Any group that attempts to wrest power away from the elites is ruthlessly suppressed or marginalized.
Centralization is the leverage elites need to establish and maintain control of the nation’s income and wealth.
Unfortunately, centralized, hierarchical institutions fail.
Higher education has eroded to the point that there is no accountability for its failure.
This is total systemic failure.
Student loans have created a vast class of student debt-serfs who must pay interest on their loans for much of their productive lives by a political system that serves financial elites.
This is a thoroughly corrupt system in which institutions have lost their way but retain expertise in enriching insiders.
The state and central bank have institutionalized the speculative excesses of financialization to further their own power at the expense of the majority whose wealth and income have been strip-mined by financialization.
There is no possible outcome of this system other than collapse.
The way the status quo creates and distributes money insures that wealth becomes concentrated in the hands of the few
Once this arrangement takes hold, democracy dies. This is the status quo in a nutshell.
The loss of purpose, meaning, positive social roles and community are not unique to any one nation or culture; they are manifesting across the globe, despite rising wealth and material well-being.
The status quo is not only failing to solve humanity’s six critical problems—the status quo is itself the problem.
The only way to solve these problems is to create an alternative system with entirely different foundations, values and processes.
In the status quo, all money is created and distributed at the top of the power/wealth pyramid—by central banks, the Treasury and private banks. The only way anyone in the bottom 99.5% of the pyramid can get any of this new money is to borrow it from a bank at a high rate of interest. Only the wealthy and powerful have access to the nearly free money issued by central banks. The financial Aristocracy can borrow essentially limitless amounts of money at 1% and use it to:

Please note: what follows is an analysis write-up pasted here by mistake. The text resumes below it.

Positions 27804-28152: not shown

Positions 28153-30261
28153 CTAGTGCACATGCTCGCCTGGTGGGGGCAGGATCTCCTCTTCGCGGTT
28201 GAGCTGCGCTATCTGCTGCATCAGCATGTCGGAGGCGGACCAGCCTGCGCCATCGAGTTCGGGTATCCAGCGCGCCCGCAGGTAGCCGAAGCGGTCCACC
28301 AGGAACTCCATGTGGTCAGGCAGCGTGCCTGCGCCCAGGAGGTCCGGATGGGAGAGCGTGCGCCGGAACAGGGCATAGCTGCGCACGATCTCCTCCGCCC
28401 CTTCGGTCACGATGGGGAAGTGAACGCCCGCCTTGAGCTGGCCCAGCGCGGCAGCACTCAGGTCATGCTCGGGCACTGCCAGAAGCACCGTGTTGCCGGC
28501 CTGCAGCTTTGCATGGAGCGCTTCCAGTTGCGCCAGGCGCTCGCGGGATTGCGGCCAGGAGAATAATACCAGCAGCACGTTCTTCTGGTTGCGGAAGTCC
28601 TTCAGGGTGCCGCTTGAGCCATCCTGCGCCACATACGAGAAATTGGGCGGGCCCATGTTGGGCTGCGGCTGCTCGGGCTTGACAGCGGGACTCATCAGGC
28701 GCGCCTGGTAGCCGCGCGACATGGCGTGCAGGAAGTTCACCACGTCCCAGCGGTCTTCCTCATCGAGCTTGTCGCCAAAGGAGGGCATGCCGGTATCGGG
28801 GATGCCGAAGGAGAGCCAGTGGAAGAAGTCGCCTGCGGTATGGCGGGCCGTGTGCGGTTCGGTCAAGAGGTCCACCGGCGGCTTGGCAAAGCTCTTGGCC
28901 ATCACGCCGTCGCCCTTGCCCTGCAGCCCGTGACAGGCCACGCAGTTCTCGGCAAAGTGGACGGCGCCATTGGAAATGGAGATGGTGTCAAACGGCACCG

Buy assets elsewhere in the world yielding 5% or more.
Buy back corporate stocks, pushing stock prices higher and reaping billions of dollars in profits
Outbid everyone without access to the central bank’s nearly free money for income-producing assets such as rental housing
Loan money to students, people buying auto and homes or charging purchases on credit cards, etc. at rates that that are as high as 10% or even 20%.
No one in the bottom 99.5% of the wealth/power pyramid can borrow money for 1% and then use the money to lock in immense profits.
If money is created and distributed at the top of the wealth/power pyramid, the only possible result is the rich get richer and everyone else gets poorer
This is why the only possible result of the status quo is rising wealth inequality and poverty.
Central banks and Treasuries are political institutions, and as a result the flow of new money is ultimately a political process.
Though central banks claim to be above the political fray, private interests can influence the distribution of the central bank-issued credit money with relatively modest sums of lobbying.